There are many general overviews of aspects of India’s foreign policy. Some are more comprehensive than others, and they use a range of different perspectives to explain how foreign policy is made; to explore what shapes India’s approaches to different states, institutions, and issues; and to understand the evolution of key bilateral relationships. The most substantial and broad ranging recent general overview is Malone, et al. 2015. That volume includes sections on relevant theory, the history of India’s foreign policy, actors and institutions, important bilateral and regional relations, and India’s engagement with multilateral institutions. Beyond it, there are several other useful texts, including classic studies such as Bandyopadhyaya 2003, a sharp analysis by an Indian diplomat-turned-scholar first published in 1970, and Cohen 2001, a tour de force by a preeminent American analyst of South Asia’s international relations. Those two books, as well as Chacko 2013, look in depth at the worldviews of India’s elite and the ways in which ideas have shaped the ends and means of Indian foreign policy. Others, including Basrur and Sullivan de Estrada 2017 and Schaffer and Schaffer 2016, concentrate especially on India’s distinctive and long-standing preoccupation with status, as well as persistent insecurities, especially concerning the various threats to security and prosperity that lurk in India’s immediate region. Several edited collections provide helpful discussions of India’s dealings with the major powers, other South Asian states, and other parts of the world, including East Asia and the Middle East, with which it has increasingly important relationships. These include Bajpai and Pant 2013; Ganguly 2016; and Malone, et al. 2015—among many others. Finally, there are some general overviews of Indian foreign policy that focus especially on the ways in which established and new theories in international relations are opening up new ways of explaining New Delhi’s behavior. The edited volume Hansel, et al. 2017 is a landmark in this area, alongside Pant 2019. Both books also explore the emergence of new agendas in the practice of Indian foreign policy, including the growing concerns with development assistance and support for democratic governance, and with India’s widely spread and notably diverse diaspora.

  • Bajpai, Kanti, and Harsh V. Pant, eds. India’s Foreign Policy: A Reader. London and New York: Routledge, 2013.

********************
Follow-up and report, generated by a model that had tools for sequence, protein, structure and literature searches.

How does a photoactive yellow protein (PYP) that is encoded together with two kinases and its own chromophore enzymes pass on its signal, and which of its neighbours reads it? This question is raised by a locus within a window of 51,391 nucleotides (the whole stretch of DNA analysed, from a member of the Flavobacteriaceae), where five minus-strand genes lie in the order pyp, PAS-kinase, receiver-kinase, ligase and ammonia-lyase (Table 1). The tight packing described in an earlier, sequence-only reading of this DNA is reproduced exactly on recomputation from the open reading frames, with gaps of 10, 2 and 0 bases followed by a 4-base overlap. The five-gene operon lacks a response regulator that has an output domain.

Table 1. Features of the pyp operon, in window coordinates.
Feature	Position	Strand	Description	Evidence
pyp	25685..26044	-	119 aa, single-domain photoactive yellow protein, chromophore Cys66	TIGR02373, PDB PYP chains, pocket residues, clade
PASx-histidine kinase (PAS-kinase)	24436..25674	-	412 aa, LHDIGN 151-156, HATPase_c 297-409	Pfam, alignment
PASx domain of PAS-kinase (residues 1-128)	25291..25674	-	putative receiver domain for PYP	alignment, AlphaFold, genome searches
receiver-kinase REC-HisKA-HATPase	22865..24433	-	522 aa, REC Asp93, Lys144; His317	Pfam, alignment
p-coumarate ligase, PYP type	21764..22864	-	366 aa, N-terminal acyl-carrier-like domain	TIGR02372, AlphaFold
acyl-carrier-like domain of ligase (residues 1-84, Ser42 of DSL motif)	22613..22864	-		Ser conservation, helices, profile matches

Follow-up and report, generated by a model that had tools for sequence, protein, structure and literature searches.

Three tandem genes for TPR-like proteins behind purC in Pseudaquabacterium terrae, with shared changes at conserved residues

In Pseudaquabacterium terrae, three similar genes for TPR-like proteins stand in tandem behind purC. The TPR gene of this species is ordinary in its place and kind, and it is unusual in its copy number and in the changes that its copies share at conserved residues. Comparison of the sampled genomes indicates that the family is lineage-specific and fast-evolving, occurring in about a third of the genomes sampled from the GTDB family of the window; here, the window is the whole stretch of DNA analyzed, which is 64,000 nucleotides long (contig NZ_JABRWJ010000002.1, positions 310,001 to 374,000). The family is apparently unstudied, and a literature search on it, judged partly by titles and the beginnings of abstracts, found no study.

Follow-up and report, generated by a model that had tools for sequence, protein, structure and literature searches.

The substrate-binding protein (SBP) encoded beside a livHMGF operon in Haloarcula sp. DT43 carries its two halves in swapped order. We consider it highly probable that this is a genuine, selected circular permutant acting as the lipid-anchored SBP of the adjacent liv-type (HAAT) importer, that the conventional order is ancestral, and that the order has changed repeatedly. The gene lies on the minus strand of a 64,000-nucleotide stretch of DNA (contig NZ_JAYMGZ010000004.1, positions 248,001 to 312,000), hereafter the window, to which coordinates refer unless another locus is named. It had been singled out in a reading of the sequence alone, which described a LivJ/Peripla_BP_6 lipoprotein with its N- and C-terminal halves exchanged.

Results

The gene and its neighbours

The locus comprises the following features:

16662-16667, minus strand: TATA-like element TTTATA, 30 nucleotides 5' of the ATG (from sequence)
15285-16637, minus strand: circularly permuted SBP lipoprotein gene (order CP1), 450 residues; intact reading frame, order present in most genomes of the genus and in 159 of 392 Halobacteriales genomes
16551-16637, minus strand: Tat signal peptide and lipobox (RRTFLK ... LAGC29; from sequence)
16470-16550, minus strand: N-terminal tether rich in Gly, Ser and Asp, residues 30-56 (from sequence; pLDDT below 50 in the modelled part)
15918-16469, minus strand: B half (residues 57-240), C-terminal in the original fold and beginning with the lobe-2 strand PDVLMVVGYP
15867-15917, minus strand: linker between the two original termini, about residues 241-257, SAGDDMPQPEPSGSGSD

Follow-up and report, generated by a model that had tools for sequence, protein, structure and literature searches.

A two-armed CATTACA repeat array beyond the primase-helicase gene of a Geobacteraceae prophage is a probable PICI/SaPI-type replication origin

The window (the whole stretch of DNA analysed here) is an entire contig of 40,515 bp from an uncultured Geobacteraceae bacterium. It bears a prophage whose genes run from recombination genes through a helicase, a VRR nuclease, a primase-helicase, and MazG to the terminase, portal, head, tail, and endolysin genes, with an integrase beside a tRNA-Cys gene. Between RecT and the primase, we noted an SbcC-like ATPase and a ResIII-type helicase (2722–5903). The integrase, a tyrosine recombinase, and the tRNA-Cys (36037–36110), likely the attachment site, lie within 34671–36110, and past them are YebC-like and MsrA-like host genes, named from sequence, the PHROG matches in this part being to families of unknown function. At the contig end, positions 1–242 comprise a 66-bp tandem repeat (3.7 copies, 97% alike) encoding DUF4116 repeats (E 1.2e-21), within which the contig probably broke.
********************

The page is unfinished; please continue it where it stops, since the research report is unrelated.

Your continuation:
An invaluable collection of essays on Indian thinking about international relations, foreign policymaking, and a series of key relationships and issues.

  • Bandyopadhyaya, Jayantanuja. The Making of India’s Foreign Policy: Determinants, Institutions, Processes and Personalities. New Delhi: Allied Publishers, 2003.

    A pioneering and still helpful study of how India’s foreign policy is made that explores both the ideological and institutional dimensions of policymaking.

  • Basrur, Rajesh, and Kate Sullivan de Estrada. Rising India: Status and Power. London and New York: Routledge, 2017.

    DOI: 10.4324/9781315227825

    A short and sharp look at India’s rise to major power status in contemporary international relations, looking at New Delhi’s concerns and aspirations.

  • Chacko, Priya. Indian Foreign Policy: The Politics of Postcolonial Identity from 1947 to 2004. London and New York: Routledge, 2013.

    DOI: 10.4324/9780203147733

    A rich and theoretically informed study of the ways in which India’s postcolonial identity has shaped its foreign policy since independence.

  • Cohen, Stephen P. India: Emerging Power. Washington, DC: Brookings, 2001.

    An accessible and authoritative guide to the domestic contexts in which foreign policy is made, India’s economic and military power, and its relationships with key states.

  • Ganguly, Šumit, ed. Engaging the World: Indian Foreign Policy since 1947. New Delhi: Oxford University Press, 2016.

    A useful set of essays looking in turn at a series of bilateral relationships, as well as India’s nuclear, economic, and energy policies.

  • Hansel, Mischa, Raphaëlle Khan, and Melissa Levaillant, eds. Theorizing Indian Foreign Policy. London and New York: Routledge, 2017.

    A pathbreaking collection of essays applying a range of theories drawn from foreign policy analysis to the Indian case.

  • Malone, David M., C. Raja Mohan, and Srinath Raghavan, eds. The Oxford Handbook of Indian Foreign Policy. Oxford: Oxford University Press, 2015.

    A comprehensive collection of fifty essays written by leading experts covering every aspect of India’s foreign policy.

  • Pant, Harsh V., ed. New Directions in India’s Foreign Policy: Theory and Praxis. New Delhi: Cambridge University Press, 2019.

    An innovative edited volume that explores new theoretical approaches to India’s foreign policy as well as emerging themes in its practice.

  • Schaffer, Teresita C., and Howard B. Schaffer. India at the Global High Table: The Quest for Regional Primacy and Strategic Autonomy. Washington, DC: Brookings Institution Press, 2016.

    A perceptive study of India’s aims and aspirations in its region and the world, written by former United States diplomats with extensive experience of South Asia.